Melissa Swartz | No Jitter | May 13, 2015
Getting people to change the way they work is not always easy; people need to have a reason to change how they’ve always done things.
I was recently on a call with a client and an industry analyst, and the client asked if end user training would be necessary when the new communications technology system was implemented. To my surprise, the analyst said, “No.” The theory was essentially that the new system should have a user interface that is easy to use and, like a smart phone, users should be able to figure out how to use it on their own, without training.
While I certainly agree that systems should be easy to use, I think that the smart phone analogy is faulty. Smart phones are an individual tool; they are not necessarily part of an eco-system. Yes, you can install apps that increase interaction with a selected group of your BFFs, but that doesn’t make it the equivalent of a corporate communication system.
Today’s enterprise communications technology has many capabilities that can enhance the way people work together. However, features like presence and IM are not valuable until they are used by many people within an organization. And getting people to change the way they work is not always easy; people need to have a reason to change how they’ve always done things. This is where end user training comes into play.In order to get full use (and full value) from an investment in new communications technology, people need to use its capabilities. User adoption is critical to improving productivity with these tools. While some users will figure things out on their own, most will need training to understand and utilize the capabilities.
Sadly, training is not a priority in many places. Vendors will often propose a “train-the-trainer” method, rather than training all of the end users. This often leaves end users with diminished, second-hand information delivered by people who don’t understand the full capabilities of the new system. When vendors do provide training, often it’s training that:
- They’ve done the same way for everybody
- Has not been developed by someone with a background in training
- Is not customized to your environment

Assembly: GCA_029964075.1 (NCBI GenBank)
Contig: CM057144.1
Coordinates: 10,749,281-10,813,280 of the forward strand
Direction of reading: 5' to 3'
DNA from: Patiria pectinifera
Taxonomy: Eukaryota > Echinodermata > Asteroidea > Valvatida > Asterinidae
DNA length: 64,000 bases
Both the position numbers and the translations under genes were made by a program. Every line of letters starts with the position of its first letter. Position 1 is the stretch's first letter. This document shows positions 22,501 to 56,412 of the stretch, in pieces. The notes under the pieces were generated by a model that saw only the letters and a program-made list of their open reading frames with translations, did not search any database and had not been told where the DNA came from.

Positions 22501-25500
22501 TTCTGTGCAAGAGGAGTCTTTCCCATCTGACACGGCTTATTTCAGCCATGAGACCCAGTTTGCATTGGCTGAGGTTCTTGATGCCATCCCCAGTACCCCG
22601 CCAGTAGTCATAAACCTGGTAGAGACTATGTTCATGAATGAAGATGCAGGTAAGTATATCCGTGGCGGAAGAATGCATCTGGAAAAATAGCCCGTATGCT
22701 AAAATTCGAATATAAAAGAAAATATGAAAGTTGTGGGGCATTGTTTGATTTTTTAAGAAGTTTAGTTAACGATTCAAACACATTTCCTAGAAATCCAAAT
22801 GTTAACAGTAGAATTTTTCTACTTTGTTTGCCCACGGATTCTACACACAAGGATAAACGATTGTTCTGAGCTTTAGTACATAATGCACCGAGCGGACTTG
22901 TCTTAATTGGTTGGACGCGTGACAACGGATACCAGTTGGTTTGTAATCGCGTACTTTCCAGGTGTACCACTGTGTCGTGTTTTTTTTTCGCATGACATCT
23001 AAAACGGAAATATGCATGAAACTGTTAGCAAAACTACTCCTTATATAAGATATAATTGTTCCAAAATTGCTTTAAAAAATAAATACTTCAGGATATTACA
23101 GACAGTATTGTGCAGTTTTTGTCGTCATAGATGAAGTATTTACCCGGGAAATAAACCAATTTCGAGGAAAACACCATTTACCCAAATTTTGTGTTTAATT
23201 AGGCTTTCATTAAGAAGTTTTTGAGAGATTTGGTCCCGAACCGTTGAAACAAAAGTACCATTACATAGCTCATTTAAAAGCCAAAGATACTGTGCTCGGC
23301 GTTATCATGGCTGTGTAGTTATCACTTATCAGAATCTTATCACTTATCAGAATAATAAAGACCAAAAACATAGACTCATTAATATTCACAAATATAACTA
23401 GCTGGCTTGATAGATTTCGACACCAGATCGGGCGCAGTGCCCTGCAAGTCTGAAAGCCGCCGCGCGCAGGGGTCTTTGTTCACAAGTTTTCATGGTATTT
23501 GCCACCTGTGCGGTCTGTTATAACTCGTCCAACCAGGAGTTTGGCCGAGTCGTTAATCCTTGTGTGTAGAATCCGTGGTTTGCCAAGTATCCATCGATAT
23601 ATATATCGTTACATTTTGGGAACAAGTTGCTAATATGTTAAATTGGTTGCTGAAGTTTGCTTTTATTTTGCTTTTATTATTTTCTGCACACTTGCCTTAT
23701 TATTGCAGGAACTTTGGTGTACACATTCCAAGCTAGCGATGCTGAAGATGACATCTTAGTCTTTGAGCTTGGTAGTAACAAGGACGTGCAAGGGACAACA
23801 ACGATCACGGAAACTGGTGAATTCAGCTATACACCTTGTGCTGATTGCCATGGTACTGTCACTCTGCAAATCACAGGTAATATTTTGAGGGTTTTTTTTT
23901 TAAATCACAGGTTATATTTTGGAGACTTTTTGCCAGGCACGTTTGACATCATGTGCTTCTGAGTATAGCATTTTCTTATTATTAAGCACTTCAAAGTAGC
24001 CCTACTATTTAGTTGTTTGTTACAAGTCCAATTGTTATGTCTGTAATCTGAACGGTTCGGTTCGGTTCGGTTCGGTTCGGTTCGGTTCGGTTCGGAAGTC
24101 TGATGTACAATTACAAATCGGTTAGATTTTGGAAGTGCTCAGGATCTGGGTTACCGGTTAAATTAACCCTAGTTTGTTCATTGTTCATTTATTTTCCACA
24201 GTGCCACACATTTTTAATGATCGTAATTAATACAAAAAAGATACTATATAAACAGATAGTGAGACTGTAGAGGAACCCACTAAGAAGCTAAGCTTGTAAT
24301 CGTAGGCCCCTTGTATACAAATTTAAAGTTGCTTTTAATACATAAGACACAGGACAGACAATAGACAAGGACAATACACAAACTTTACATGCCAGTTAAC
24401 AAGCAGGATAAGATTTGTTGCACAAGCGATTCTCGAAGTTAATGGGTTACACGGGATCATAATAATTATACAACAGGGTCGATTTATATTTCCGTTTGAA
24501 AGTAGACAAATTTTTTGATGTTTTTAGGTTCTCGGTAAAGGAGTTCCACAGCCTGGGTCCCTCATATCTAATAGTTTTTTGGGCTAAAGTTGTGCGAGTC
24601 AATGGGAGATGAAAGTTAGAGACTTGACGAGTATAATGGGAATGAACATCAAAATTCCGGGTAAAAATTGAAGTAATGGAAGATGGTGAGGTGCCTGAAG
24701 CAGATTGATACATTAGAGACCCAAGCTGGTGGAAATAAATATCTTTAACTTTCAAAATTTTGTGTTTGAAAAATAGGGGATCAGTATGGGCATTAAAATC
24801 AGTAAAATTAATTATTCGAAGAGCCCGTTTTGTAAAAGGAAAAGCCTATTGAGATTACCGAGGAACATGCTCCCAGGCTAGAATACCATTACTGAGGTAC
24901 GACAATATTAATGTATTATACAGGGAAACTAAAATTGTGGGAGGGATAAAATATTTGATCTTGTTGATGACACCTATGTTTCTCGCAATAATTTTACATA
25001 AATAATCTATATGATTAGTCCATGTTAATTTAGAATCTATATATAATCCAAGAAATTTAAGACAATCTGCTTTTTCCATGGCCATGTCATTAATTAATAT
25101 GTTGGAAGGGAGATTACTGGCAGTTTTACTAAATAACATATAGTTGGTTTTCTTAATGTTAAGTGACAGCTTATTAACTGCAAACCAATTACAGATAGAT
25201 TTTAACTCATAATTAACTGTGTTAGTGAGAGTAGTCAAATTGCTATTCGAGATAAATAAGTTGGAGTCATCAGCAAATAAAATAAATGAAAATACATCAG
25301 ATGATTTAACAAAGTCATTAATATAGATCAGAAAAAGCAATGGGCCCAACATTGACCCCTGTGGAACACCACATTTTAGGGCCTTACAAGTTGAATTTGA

Tips for Successful User Training
I recently worked on a system deployment with a client who did an excellent job of end user training, and they can serve as a great example of how to ensure training is effective. The company has a staff member who is responsible for user training, and who has background and education in training adults. Here are some ideas to try with your users:
- Schedule a “preview” training class. Have the trainer conduct the first class with a small group of helpful influencers who are expected to provide feedback and input on the training quality. They can help the trainer determine what points to emphasize so that the class can be adjusted to better fit your particular enterprise’s environment.
- Keep in mind that adults have roughly a 20-minute attention span before some sort of break is needed. A break can take the form of a change in speakers, a switch from a speaker to a video, or the insertion of an exercise that requires user participation — for example, having trainees transfer a call.
- Allow the students to practice on live phones rather than having the speaker purely demonstrate the features. The more actual practice users get during the training, the better they will be able to utilize the system once they get back to their desks.
- Be sure to point out which capabilities can make life easier for the users. In other words, give them a reason to change how they work.
- Provide examples of how the use of certain features will impact the caller’s experience.
- Select key capabilities and train users well on these, even if this means not training on some other features. Layer on training of additional or advanced capabilities later, if needed.
- Deliver good support on day one, as this is crucial to reinforcing what users learned previously.
- Provide resources (user guides, links to educational videos, etc.) to help users find answers to questions that arise as they learn more about the new system. Make sure the materials accommodate different learning styles, since, for example, some people learn better by reading while others learn better by watching a video.
Despite best planning efforts for UCaaS implementations, things aren't always what they seem when you get down to the nuts and bolts.
The mad scramble to remote work is over. Now the “return to work” process is beginning, and that brings many questions. Before moving forward, take a moment to assess your situation.
UCaaS solutions may not be weighed down by millions of lines of legacy code, but they don't have the benefit of years' worth of user-prompted development, either.